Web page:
These best practice concepts help you quickly spot common weak areas and poor controls.
Layered approaches provide more security over the long term than one complicated mass of security architecture. You might, for example, use access-control lists (ACLs) on the networking and firewall equipment to only allow necessary traffic to reach the application. This approach significantly lowers the overall risk of compromise to the system on which the application is running because you quickly eliminate access to services, ports, and protocols that otherwise would be accessible to compromise.
Positive (whitelist) security models only allow what is on the list, excluding by default everything else. However, negative (blacklist) security models allow everything by default, eliminating only the items you know are bad. This is the challenge to antivirus programs, which you must update constantly to keep up with the number of new possible attacks (viruses) that could affect you. The problem with this model, if you are forced to use it, is that you absolutely must keep the model updated. Even with the model updated, a vulnerability could exist that you don't know about, and your attack surface is much larger than if you used a positive security model.
There are basically three responses when an application fails. You can allow, block, or error. In general, application errors should fail in the same manner as a disallow operation as viewed from the end user. This is important because then the end user doesn't have additional information to use that may help him or her to compromise the system. Log what you want, and keep any messages that you want elsewhere, but don't give the user additional information he or she might use to compromise your system.
The principle of least privilege mandates that accounts have the least amount of privilege possible to perform their activity. This encompasses user rights and resource permissions such as CPU limits, memory capacity, network bandwidth, and file system permissions.
Obfuscating data, or hiding it instead of encrypting it, is a very weak security mechanism, especially for an application. If a human was able to figure out how to hide the data, there is a good chance that another person is going to learn how to recover the data. A real-world example is how some people will hide a key to their house under the doormat. A criminal wants the easiest possible way into the house and will check common places such as the doormat, the closest rock to the door, and above the door frame for a key. Never obfuscate critical data that can be encrypted or never stored in the first place.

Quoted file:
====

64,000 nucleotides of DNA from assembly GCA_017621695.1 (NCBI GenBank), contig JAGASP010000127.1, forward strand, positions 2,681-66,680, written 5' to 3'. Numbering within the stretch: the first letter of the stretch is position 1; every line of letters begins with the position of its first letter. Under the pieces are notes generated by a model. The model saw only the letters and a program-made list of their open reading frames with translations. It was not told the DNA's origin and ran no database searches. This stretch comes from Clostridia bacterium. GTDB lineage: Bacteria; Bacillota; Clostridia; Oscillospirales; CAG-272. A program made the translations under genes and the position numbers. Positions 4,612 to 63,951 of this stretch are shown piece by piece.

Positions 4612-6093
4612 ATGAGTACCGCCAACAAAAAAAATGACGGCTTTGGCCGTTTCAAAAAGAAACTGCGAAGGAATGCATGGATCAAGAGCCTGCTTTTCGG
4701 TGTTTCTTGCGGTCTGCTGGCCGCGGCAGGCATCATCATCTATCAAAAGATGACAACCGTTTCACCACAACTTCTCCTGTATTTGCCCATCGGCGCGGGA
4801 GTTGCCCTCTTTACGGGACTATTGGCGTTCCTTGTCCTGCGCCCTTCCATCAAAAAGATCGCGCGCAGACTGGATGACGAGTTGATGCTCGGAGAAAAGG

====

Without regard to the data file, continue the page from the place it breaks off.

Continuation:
Simple security mechanisms are easy to verify and easy to implement correctly. Bruce Schnieir is famous for suggesting that the quickest method to break a cryptographic algorithm is to go around it. Avoid overly complex security mechanisms, if possible. Developers should avoid the use of double negatives and complex architectures when a simpler approach would be faster and simpler. Don't confuse complexity with layers. Layers are good. Complexity isn't.
Applications should have built-in logging that's protected and easily read. Logs help you to troubleshoot issues and, just as important, help you to track down when or how an application might have been compromised.
Many organizations use the processing capabilities of third-party partners, who more than likely have differing security policies and postures than you. It is unlikely that you can influence or control any external third party, whether they are home users or major suppliers or partners. Therefore, implicit trust of externally run systems is dangerous.
Your applications should arrive to you or be presented to the users with the most secure default settings possible and still allow business to function. This may require training end users or communications messages, but the end result is a significantly reduced attack surface, especially when an application is pushed out across a large population.
Where possible, base security on open standards for increased portability and interoperability. Since your infrastructure is likely a heterogeneous mix of platforms, the use of open standards helps to ensure compatibility between systems as you continue to grow. Additionally, open standards are often well known and scrutinized by peers in the security industry to ensure that they remain secure.